British Museum blog

Limoges enamelled plaque: a dazzling object

Limoges enamelled plaqueNaomi Speakman, curator, British Museum

Decorated with jewel-like enamelled colours and covered in gilding, this Limoges enamelled plaque found on the Isle of Wight, would have been a dazzling religious item for its original owner.

Limoges enamelled plaque, shown from all angles.

Limoges enamelled plaque, shown from all angles.

The plaque bears the image of a winged man, standing on a wave-like cloud, who most likely represents Matthew, one of the four Evangelists who created the four gospel accounts of the New Testament, in the Christian Bible. The plaque is church shaped, formed of a steep roof topped with an orb and cross. On the other side the plaque is recessed, and pierced by a hole, indicating that this small piece may have been attached to something much larger – quite what, we don’t really know.

What we do know, however, is that enamelled plaques of this kind were very popular in the late twelfth and early thirteenth century across Europe. Two key ways to spot Limoges enamel work are its vibrant blue colour, and, in many cases, stylised rosettes, examples of which have been found in England.

Enamelled mount from Limoges

Enamelled mount from Limoges

Their namesakes come from the city of their making, Limoges in central France, which was one of the centres of enamelling in the Middle Ages. The industry of enamel making in Limoges boomed in the twelfth century, and particularly famous examples of these are reliquary caskets commemorating the murder of Saint Thomas Becket at Canterbury Cathedral in 1170. One of these is on display at the British Museum in Room 40: Medieval Europe and another in Room 1: Enlightenment.

Reliquary casket produced in the Limoges workshops after the martyrdom of Thomas Becket, archbishop of Canterbury, in 1170

Reliquary casket produced in the Limoges workshops after the martyrdom of Thomas Becket, archbishop of Canterbury, in 1170

Limoges enamelled plaques could be made for many types of religious objects, including book covers, portable altars and reliquary caskets. What this plaque was attached to we cannot be certain, but we do know that it was used for religious worship, perhaps forming part of an object used to decorate an altar or for other use in public worship.

Equally, we cannot be certain who it belonged to. An expensive item, the plaque was most likely owned by someone of a higher status with the necessary wealth to afford such an item. But, unfortunately, we will probably never know.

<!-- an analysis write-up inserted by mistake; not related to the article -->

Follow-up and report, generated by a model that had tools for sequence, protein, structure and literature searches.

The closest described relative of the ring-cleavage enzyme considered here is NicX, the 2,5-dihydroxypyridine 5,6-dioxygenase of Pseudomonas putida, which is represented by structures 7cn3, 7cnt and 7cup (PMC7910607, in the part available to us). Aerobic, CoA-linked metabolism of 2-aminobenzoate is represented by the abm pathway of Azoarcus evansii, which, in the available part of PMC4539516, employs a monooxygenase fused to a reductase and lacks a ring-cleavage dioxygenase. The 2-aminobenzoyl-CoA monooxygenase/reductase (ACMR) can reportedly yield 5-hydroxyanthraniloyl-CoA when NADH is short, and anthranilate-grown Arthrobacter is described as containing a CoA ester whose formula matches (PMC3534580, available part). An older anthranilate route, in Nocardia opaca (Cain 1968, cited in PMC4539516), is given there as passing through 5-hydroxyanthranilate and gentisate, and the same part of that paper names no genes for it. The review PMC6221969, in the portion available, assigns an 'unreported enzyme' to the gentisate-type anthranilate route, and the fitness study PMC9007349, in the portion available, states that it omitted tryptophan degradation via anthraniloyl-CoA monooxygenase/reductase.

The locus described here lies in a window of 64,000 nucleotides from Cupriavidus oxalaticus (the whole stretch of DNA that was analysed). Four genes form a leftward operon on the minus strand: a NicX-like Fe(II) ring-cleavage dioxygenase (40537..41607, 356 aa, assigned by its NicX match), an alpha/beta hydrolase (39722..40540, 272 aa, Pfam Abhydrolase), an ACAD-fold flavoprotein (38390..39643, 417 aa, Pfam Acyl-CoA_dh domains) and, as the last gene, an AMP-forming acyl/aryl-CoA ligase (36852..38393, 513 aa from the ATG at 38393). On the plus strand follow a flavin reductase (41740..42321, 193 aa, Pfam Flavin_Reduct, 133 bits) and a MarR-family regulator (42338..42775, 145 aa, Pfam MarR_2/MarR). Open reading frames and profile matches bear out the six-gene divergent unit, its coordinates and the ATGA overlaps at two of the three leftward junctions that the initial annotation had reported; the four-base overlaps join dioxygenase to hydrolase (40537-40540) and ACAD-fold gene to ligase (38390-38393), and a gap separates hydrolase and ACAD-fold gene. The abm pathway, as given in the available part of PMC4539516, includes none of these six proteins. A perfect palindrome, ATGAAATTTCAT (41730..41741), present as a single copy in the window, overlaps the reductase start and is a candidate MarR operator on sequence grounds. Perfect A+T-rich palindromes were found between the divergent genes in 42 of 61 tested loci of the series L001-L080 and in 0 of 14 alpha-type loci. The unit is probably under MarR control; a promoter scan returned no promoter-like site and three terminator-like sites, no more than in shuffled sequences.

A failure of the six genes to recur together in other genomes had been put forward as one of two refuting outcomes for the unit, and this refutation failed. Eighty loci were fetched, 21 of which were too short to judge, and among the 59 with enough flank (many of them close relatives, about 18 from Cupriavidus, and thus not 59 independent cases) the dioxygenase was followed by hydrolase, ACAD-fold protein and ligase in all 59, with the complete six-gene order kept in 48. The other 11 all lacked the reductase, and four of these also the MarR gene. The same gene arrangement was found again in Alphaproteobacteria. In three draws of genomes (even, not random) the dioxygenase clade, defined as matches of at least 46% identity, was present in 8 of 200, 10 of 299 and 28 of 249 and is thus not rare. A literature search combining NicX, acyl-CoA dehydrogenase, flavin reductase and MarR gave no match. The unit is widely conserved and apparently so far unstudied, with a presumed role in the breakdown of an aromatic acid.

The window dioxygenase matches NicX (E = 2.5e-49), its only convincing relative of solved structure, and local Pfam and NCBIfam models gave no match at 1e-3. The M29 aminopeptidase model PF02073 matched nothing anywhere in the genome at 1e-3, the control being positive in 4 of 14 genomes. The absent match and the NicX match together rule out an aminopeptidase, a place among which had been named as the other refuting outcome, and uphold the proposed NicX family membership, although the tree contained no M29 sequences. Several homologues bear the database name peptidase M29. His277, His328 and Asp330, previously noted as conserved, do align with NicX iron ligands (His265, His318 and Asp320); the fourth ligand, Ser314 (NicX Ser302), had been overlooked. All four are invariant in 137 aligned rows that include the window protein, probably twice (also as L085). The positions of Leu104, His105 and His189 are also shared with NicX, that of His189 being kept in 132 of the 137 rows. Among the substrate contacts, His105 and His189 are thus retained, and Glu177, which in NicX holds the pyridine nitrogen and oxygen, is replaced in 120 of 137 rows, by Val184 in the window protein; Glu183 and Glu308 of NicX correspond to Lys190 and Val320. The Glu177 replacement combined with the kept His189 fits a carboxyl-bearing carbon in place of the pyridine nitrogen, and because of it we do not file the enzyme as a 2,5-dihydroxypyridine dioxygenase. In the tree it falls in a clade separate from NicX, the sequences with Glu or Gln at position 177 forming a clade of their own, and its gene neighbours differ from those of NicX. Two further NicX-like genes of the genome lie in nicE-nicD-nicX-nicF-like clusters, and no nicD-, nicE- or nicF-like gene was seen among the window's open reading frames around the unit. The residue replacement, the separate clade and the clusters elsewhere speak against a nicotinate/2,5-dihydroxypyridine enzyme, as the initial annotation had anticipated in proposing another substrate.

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Britain’s Secret Treasures is broadcast on ITV 1 Thursdays at 20.30, 17 October – 5 December 2013

Filed under: Archaeology, Portable Antiquities and Treasure,

One Response

  1. naffréchoux-multon says:

    Very interested by this object and your comments. Although I quite don’t agree with your identification of this man with an evangelist. Evangelists usually are represented wearing a large book. The image of a person standing on a cloud and with wings is presumably intended to represent an angel, a mythical being – if i may say – not a man, not even a saved man in the paradise.
    You don’t give any information on the object from which this plaque was presumably taken, because of course you don’t have any quite sure piece of evidence about it. Should it be a part (lateral wall) detached from a casket ?
    A few suggestions:
    Why don’t you offer a link to the Limoges museum website ? It should help to compare with other similar objects (mostly produced in series).
    Why don’t say a word about the oriental ( Greek and Byzantin) origin of this craft? The travels (warlike and religious) – to the near-east during the middle ages and the large number of the goldsmiths of near-eastern origin (even in the Limoges workshops) seems to me a precious key to approach the multicultural aspects of this kind of craft : christian and anglo-norman but also – and before – oriental. Angels are not but ancient-iranian mythical figures or am I mistaken ?

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